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RB Jerry Brown 2 sacramento registrar.JPGLess than a month before California voters decide on tobacco-tax and term-limits initiatives, Gov. Jerry Brown remains unlikely to take a public position on either one.

The Democratic governor, who submitted signatures this morning for his November ballot measure to raise taxes, declined to discuss the ballot measures on the June 5 ballot.

"Focus, focus," he said, telling reporters he is "sticking to the measure that we're filing signatures for today."

Proposition 28 would alter legislative term limits, allowing lawmakers to serve 12 years either in one house or divided between the Assembly and Senate. Lawmakers are currently restricted to eight years in the Senate and six in the Assembly.

Proposition 29 would impose an additional $1-per-pack tax on cigarettes to pay for cancer research and smoking cessation programs.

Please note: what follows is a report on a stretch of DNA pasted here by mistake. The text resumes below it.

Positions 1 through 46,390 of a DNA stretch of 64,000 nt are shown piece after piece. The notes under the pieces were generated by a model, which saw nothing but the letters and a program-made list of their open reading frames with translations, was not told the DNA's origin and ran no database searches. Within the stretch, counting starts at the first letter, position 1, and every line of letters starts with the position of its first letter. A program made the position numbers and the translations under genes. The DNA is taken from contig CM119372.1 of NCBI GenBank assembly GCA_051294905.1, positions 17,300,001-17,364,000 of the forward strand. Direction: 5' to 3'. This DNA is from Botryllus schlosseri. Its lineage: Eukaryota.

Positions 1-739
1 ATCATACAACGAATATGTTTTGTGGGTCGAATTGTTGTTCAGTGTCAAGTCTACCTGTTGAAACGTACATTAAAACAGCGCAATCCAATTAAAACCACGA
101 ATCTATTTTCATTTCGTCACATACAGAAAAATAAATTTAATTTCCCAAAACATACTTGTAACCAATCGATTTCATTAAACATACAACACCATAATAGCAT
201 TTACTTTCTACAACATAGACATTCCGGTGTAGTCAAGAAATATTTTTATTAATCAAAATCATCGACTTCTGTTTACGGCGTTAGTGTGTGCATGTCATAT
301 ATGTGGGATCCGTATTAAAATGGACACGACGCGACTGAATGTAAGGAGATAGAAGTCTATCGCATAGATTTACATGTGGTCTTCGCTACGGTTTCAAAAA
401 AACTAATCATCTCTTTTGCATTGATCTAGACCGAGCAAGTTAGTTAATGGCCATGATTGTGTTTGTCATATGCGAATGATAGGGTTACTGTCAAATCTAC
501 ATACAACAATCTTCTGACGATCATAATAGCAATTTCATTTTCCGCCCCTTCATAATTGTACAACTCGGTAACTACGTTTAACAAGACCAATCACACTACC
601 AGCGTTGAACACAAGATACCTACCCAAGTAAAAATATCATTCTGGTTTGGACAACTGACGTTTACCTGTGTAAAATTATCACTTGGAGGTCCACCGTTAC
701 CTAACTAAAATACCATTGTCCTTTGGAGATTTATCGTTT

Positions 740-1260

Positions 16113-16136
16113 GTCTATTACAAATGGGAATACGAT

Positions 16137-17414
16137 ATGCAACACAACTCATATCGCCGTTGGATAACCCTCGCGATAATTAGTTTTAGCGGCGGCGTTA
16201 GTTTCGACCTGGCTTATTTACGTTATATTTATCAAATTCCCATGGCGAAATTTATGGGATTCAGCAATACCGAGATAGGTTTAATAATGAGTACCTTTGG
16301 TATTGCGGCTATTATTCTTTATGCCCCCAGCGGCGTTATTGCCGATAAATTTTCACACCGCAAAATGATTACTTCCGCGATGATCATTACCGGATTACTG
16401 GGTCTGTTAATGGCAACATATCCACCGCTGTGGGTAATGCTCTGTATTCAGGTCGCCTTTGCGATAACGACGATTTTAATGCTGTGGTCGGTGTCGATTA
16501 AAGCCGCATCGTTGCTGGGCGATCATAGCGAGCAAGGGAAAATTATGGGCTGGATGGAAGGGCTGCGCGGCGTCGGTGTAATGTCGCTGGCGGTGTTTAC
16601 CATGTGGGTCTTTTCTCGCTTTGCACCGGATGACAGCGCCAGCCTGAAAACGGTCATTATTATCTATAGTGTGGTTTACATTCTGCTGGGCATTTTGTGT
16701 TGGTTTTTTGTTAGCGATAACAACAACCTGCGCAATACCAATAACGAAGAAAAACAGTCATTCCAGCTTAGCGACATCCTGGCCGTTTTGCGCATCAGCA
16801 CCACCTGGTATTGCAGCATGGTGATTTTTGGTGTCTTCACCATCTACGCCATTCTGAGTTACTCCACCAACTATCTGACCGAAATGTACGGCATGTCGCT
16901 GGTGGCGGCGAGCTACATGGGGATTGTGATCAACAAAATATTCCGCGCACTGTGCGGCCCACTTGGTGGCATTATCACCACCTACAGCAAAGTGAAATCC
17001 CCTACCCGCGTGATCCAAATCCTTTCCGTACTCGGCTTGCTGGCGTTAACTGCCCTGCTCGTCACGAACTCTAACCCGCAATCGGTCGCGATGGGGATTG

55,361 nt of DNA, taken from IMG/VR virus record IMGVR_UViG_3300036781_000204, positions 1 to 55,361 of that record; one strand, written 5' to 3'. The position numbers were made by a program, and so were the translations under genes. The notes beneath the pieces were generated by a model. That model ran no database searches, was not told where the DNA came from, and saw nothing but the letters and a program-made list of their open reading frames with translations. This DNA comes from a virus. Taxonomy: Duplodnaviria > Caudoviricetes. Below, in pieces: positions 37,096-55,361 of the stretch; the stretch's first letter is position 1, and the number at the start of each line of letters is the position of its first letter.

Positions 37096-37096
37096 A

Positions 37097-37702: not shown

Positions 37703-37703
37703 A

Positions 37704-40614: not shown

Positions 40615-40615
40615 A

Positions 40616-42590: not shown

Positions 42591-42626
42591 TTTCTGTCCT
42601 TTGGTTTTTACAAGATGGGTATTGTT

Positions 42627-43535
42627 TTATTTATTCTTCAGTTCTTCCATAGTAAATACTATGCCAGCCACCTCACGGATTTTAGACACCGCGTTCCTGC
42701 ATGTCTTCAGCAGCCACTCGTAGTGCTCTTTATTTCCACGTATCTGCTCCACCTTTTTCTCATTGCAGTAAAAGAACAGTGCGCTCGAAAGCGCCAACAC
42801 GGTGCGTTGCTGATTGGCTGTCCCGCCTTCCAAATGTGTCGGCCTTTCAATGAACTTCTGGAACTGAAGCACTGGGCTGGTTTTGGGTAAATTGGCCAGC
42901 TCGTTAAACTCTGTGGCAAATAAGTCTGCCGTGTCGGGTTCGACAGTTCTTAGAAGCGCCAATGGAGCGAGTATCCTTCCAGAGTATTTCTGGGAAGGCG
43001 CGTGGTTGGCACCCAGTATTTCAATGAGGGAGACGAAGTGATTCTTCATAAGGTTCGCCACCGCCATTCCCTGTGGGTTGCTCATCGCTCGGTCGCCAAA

Brown's November initiative would raise income taxes on California's highest earners as well as the state sales tax rate.

"As governor, my responsibility is to balance the budget, protect our schools, protect public safety," he said today. "That's what I'm doing. I need to get this initiative passed, so that's my focus."

Philip Morris USA is among the most recent large contributors to Brown's re-election campaign, donating $26,000 last month.

PHOTO CAPTION: Gov. Jerry Brown and his wife, Anne Gust Brown, delivers signatures for his ballot tax measure to the county registrar's office in Sacramento on Thursday, May 10, 2012. Sacramento Bee / Randall Benton.


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